Being Witnesses in Judea and Samaria (6:8-9:31)
A. The Growth Resulted From Persecution (6:8 – 8:3)
As the church was growing, it faced the problem of making sure all the needy were being taken care of fairly. However, it appears that already there was some ethnic strife within the body, for the Hellenistic Jews were not receiving their fair share. The Hellenistic Jews are those Jews who speak only Greek. A true Jew would also speak Aramaic, and would look down upon Greek speaking Jews.
To address this problem, deacons are selected. All of the deacons have Greek names, suggesting that they were Hellenized Jews.
One Greek-speaking deacon was Stephen. He had irritated some Jews by proclaiming the gospel and doing miracles. So Stephen is arrested, and before his stoning, he gives a lengthy speech.
Stephen begins with a brief history of Israel, including quoting Moses from Deuteronomy 18 (7:37). As part of this history, Stephen demonstrates how the Jews have systematically persecuted God’s messengers, including now the “Righteous One (7:52).” The Jews understood that Stephen was claiming that Jesus was the Christ by referring to this “Righteous One.” After Stephen accuses them of not keeping the law (7:53), his listeners cut short his sermon and stoned him.
Luke makes it clear that the stoning of Stephen forces the church to fulfill Christ’s commandment in 1:8. Fearing for their lives, the Christians moved from Jerusalem into Judea and Samaria, taking the gospel with them.
B. The Growth Resulted From Philip’s Ministry (8:3 – 8:40)
Preaching in Samaria
Philip was one of those who moved out into the surrounding territory preaching now in Samaria. However, as the Samaritans begin to respond and believe, they do not receive the filling of the Holy Spirit. This waits until Peter and John came to see what Philip was doing. After the apostles laid their hands on the Samaritans, they received the Holy Spirit. Because of the animosity between the Jews and the Samaritans, the apostolic laying on of hands ensured the unity of the church.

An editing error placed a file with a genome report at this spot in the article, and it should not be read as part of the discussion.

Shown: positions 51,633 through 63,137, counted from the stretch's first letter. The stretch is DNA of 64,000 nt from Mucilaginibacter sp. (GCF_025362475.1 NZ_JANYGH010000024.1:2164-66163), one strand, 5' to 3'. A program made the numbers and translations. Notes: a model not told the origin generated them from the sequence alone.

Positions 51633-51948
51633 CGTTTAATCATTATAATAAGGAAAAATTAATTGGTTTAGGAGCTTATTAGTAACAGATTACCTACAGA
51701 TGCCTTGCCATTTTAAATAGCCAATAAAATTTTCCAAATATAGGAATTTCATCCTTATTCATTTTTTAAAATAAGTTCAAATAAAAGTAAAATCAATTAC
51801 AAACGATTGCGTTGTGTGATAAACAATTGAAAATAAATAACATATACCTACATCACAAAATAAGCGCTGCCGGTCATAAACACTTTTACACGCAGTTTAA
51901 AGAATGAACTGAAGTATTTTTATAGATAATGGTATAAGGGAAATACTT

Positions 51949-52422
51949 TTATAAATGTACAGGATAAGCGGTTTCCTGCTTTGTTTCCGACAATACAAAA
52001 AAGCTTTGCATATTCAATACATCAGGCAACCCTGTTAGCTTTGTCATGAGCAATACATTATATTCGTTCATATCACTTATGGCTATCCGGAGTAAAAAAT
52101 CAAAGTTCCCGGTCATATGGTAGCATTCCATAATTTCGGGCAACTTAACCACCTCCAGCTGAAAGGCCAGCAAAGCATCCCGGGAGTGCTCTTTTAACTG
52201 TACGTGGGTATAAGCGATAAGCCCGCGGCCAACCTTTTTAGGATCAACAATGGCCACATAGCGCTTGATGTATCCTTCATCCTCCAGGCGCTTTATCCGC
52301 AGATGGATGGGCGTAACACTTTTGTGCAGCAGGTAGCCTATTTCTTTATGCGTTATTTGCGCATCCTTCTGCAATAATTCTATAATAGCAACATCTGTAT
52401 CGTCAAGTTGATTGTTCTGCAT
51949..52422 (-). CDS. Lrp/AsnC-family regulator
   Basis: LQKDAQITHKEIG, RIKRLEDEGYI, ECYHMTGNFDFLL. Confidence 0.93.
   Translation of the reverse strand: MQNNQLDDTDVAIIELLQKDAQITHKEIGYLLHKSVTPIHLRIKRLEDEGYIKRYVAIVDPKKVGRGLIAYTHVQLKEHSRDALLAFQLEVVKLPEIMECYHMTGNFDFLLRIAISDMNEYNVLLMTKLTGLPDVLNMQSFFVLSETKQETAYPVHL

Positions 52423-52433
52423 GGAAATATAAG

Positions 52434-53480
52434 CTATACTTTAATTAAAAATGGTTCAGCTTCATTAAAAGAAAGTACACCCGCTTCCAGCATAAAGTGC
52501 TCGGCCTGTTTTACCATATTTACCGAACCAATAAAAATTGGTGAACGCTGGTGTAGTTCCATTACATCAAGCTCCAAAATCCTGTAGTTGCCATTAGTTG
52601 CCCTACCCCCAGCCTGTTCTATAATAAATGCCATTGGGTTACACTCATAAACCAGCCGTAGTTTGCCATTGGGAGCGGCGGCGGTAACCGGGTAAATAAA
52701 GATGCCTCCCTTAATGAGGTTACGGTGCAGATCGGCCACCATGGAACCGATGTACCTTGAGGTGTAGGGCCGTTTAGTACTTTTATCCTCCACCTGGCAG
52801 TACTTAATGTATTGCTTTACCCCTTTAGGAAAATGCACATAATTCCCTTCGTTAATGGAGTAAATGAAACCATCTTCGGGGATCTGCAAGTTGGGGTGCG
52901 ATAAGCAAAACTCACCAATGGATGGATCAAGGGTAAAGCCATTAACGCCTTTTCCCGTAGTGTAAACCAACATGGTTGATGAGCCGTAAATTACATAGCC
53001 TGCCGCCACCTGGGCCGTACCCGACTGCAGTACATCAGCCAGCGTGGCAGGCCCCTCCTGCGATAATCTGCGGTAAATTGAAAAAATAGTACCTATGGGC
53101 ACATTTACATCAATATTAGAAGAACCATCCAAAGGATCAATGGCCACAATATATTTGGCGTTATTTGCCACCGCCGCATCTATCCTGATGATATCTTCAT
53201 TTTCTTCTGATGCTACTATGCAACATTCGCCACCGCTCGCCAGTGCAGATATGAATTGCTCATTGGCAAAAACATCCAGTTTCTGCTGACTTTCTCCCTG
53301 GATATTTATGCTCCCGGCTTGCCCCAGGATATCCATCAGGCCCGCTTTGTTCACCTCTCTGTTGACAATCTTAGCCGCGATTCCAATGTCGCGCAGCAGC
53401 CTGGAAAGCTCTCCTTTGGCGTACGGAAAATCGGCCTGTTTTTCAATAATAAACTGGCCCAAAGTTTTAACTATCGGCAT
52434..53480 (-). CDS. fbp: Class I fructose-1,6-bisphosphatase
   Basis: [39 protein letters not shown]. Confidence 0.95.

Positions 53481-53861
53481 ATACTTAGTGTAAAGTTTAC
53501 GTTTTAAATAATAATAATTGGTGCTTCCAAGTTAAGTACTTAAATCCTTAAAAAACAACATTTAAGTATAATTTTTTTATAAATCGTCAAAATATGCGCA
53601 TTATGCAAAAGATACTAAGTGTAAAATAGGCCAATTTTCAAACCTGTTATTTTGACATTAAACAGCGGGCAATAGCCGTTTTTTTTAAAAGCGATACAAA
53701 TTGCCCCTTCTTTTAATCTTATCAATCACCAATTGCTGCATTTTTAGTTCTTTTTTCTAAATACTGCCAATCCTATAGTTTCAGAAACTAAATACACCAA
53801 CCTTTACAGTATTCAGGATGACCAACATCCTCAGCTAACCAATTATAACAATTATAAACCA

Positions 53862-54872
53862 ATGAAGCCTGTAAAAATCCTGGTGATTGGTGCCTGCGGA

Filling of the Holy Spirit
In the book of Acts, the reception of the Holy Spirit follows no consistent pattern.
Belief is the only constant between these examples. Beyond that, Acts does not provide us with a normative pattern from which we can ascertain the timing of the filling of the Holy Spirit.
Preaching to the Ethiopian
After Philip had preached in Samaria God sent Philip to Gaza. While in Gaza, Philip came across an Ethiopian eunuch who was reading his bible. Philip asked what he was reading and if he understood it. And in the course of the conversation which followed, the Ethiopian came to trust in Christ. That led the Ethiopian to a question: “What prevents me from being baptized?”
So, Philip baptized the Ethiopian in a pond on the road to Gaza. Philip didn’t say he needed to wait until next Sunday when they would fill up the baptistery and have a special worship service. Philip didn’t sit around and make them take a class on church membership. Philip didn’t require them to memorize scripture or the doctrinal positions of the church. It says, when he believed was baptized.
In fact, in each and every case in Acts, when we see someone believe in Christ, it is immediately followed by baptism. There was no waiting period between conversion and baptism. They took place one right after the other, so much so that Peter equates them as one and the same in chapter 2.
This is the normative pattern and unless there is good reason not to do so, we should follow this pattern.
C. The Growth results from the conversion of Paul (9:1-31)
Saul was attending the stoning of Stephen and was in agreement with putting him to death (8:1). In fact, Saul became one of the most zealous persecutors of the church (8:3). On one occasion Saul sought to go to Damascus in Syria to round up the Christians and return them to Jerusalem for persecution.
On the road to Damascus Paul encounters Jesus. A bright light comes from heaven, and Jesus calls to him, “Saul, why are you persecuting me.” Through that experience Paul comes to believe that Jesus is the son of God (9:20), and becomes a powerful apologetic for Christ (9:22).
Paul saw the glory of God, recognized Him as Lord. The Lord identified himself as Jesus. Paul may not have been an eyewitness to the ministry of Jesus, but this serves as Paul’s witness of Jesus resurrection. Paul reiterates this conversion experience as his testimony for Christ both in Acts 22 as he is speaking to the Jewish mob and in Acts 26 as he addresses King Herod Agrippa.
Paul’s desire was to preach the gospel to the Jews9. After all, he was trained as a Pharisee. He knew the law; he knew the Jewish mind. He had better training and education than any of the apostles did. What better person to convince the Jews that Jesus was the Messiah? But Jesus had another plan (9:15-16).
The Third Progress Report (9:31)
The third progress report (9:31) concludes the section on the witness in Judea and Samaria. The church was being built up and continued to increase throughout Judea, Galilee and Samaria.